Could online gambling actually be good for Atlantic City? A new study suggests that there is a correlation between the two.
According to gaming industry research firm Eilers & Krejcik, Internet revenue in New Jersey jumped 32 percent in 2016.
But what was more surprising was that money spent in the Garden State’s brick and mortar casino’s rose 7.7 percent in January compared to the previous year, the Division of Gaming Enforcement said in a report.
Kick the Tires of Gambling at Home
One of the main reasons the seaside resort town is getting new business, according to Rummy Pandit, executive director of the Lloyd D. Levenson Institute of Gaming, Hospitality & Tourism at Stockton University is because people are first wagering at home and then feeling confident enough to venture into a facility.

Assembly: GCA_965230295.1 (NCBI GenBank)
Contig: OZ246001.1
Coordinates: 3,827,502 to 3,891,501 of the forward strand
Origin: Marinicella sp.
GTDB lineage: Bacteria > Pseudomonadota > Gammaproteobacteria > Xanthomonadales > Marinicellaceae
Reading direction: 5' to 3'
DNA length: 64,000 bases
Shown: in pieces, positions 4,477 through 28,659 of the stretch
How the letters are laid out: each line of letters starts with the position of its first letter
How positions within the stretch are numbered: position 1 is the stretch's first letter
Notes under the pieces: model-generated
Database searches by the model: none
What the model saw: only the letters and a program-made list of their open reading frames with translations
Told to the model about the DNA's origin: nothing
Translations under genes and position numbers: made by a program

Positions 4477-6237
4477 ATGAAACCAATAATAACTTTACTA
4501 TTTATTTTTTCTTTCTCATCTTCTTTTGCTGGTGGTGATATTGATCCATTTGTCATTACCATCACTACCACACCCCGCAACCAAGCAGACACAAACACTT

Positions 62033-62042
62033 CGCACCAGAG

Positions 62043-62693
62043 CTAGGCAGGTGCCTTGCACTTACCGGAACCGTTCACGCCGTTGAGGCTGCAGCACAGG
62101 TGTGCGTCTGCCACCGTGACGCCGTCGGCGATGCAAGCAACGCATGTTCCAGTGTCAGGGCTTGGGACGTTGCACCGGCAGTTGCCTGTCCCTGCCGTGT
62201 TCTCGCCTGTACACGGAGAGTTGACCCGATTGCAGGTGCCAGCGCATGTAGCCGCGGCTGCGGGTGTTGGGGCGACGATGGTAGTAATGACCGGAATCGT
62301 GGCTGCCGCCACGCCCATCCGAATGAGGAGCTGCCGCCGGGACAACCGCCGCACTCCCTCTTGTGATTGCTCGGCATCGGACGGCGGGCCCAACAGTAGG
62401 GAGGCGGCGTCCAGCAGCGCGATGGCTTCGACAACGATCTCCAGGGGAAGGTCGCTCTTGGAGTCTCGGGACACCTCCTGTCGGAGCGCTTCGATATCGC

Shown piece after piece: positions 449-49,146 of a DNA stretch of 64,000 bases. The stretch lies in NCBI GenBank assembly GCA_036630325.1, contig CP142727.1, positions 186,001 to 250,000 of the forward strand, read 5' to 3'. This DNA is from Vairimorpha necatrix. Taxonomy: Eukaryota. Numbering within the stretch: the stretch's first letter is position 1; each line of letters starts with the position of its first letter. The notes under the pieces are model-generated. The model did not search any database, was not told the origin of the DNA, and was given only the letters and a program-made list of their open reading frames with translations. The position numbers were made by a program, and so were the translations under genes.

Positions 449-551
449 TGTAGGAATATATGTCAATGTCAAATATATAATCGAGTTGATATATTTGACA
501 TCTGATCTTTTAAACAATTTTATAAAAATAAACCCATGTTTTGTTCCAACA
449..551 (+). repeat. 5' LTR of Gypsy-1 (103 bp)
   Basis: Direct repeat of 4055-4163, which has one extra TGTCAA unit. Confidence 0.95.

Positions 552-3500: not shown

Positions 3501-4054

“What internet gaming is doing is allowing people to be familiar with gaming in the comfort of their own home,” Pandit told New Jersey 101.5.com. “
“Now once a player becomes familiar online with your internet gaming … is typically when they want to go visit a brick-and-mortar property,” he continued. “They are probably going to visit your property.”
One success story was James Piccolo, who was playing online poker at PokerStarsNJ.com and won $100,000 in 15 minutes of a three-player Texas Hold ’Em tournament.
Gambling at home is fun, but it seems to ignite a desire for someone to visit a casino.
Atlantic City Revival
The famed East Coast mecca for casinos certainly appeared to be ready to crash and burn. The town was hit hard by the 2008 recession and never was able to fully recover.
Five of 12 casinos went bankrupt, including President Donald Trump’s Taj Mahal in October and the survivors were struggling to keep their doors open.
Now the remaining ones are seeing a rebirth and are working on keeping customers coming back, worrying more about neighboring states like Pennsylvania and New York, stealing away vacationers.
So far, though, 2017 is looking brighter as all five reported gains in the first month of the year. Caesars was up more than 41 percent, to $28.2 million in January, with Bally’s posting the smallest gain, at 0.6 percent.